Where have I heard this before?
Let’s just say some of us saw this coming….
One of Maryland’s budget-balancing tactics – asking millionaires to pay more money to the state – appears to be backfiring as the number of the highest-earning taxpayers dwindles with the flagging economy….
….But as the state comptroller’s office sifts through this year’s returns, it is finding that the number of Marylanders with more than $1 million in taxable income who filed by the end of April has fallen by one-third, to about 2,000. Taxes collected from those returns as of last month have declined by roughly $100 million.
– The Baltimore Sun, 5/14/2009
That’s because the General Assembly as a whole refuses to act like grown ups and live within their means. Instead of acting responsibly and reducing state spending last year when they had to opportunity, they chose to approval O’Malley’s irresponsible tax hikes, and bless his near immoral increase in discretionary state spending. Instead of cutting spending to manageable levels, Democrats railroaded a $2 billion tax increase to cover a $500 million shortfall, and then added $1.5 billion in spending just to break even.
No reasonably intelligent person would think that’s a good idea. It’s an even worse idea when you considered, as conservatives have noted time and time again, that tax revenues decrease when individuals and businesses change their spending habits or leave the state entirely.
– Brian Griffiths, 9/4/2008
Still, the “substantial decline” in million-dollar earners filing on time was enough for the comptroller’s office to announce that it will “be thoroughly analyzing these returns and their implications.” And it was enough for opponents of the state’s new surcharge to say, in essence, “I told you so.”
“I don’t think anyone can dispute that some people have left Maryland,” said Senate Minority Leader Allan H. Kittleman (R-Howard). “That’s what we were trying to explain when we were voting on this.”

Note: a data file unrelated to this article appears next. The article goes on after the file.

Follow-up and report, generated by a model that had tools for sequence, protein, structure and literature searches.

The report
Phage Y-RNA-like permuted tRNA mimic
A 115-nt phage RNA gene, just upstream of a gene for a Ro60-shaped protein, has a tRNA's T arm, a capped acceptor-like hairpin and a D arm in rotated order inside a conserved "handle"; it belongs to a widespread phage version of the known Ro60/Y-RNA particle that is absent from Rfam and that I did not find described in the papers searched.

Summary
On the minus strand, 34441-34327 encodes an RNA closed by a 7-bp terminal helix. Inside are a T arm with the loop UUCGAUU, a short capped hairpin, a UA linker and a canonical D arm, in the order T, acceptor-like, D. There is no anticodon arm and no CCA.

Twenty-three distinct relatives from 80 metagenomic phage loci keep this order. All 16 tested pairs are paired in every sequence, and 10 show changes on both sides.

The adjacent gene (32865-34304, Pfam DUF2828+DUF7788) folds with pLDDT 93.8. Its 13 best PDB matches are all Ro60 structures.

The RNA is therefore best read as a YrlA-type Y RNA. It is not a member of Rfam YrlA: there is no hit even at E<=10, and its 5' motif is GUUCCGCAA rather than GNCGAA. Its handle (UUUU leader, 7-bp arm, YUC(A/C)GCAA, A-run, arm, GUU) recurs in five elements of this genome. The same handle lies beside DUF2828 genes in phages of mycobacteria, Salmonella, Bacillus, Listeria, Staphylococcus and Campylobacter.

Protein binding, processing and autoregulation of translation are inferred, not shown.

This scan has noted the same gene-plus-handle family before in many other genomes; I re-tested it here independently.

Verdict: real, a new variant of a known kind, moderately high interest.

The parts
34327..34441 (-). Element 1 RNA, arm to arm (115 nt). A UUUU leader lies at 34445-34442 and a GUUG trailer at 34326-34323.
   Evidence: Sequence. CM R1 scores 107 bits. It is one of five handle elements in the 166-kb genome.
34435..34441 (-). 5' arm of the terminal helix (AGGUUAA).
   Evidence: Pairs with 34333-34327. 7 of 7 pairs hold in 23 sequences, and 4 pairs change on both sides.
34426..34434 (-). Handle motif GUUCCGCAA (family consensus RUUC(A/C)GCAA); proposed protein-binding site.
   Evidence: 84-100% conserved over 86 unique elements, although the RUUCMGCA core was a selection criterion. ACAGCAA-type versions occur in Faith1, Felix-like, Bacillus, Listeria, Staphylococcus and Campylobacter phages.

– Washington Post, 5/14/2009
It’s true that the housing and retail sectors being down are going to lead to lower tax revenues. But what the writers do not take into account, naturally, is the decrease in tax revenues due to the increases in taxes. I have noted before that when tax rates are increased, revenues decrease. This is particularly true when you make it a point to pass taxes targeted at those with the means to leave.
– Brian Griffiths, 7/13/2008
“This is not an unexpected development, but it is a very unfortunate development,” Schuh said. “It is deja vu all over again.”
– The Captial, 5/14/2009
Of course one thing that we noted time and again was the fact that increases in taxes would lead to decrease tax revenues. While a small portion of that can be attributed to the national economy, the bulk of the difference in revenues collected vis-a-vis revenues projected has a lot to do with the impact of this profligate spending and irresponsible tax hikes.
– Brian Griffiths, 7/9/2009
So, we are going to go ahead and try to further fleece those Maryland taxpayers who are simultaneously most able to pay more taxes and able to pick up and move someplace that their tax burden won’t be so high? This is what passes for fiscal responsibility in the minds of Maryland Democrats?
– Brian Griffiths, 3/27/2008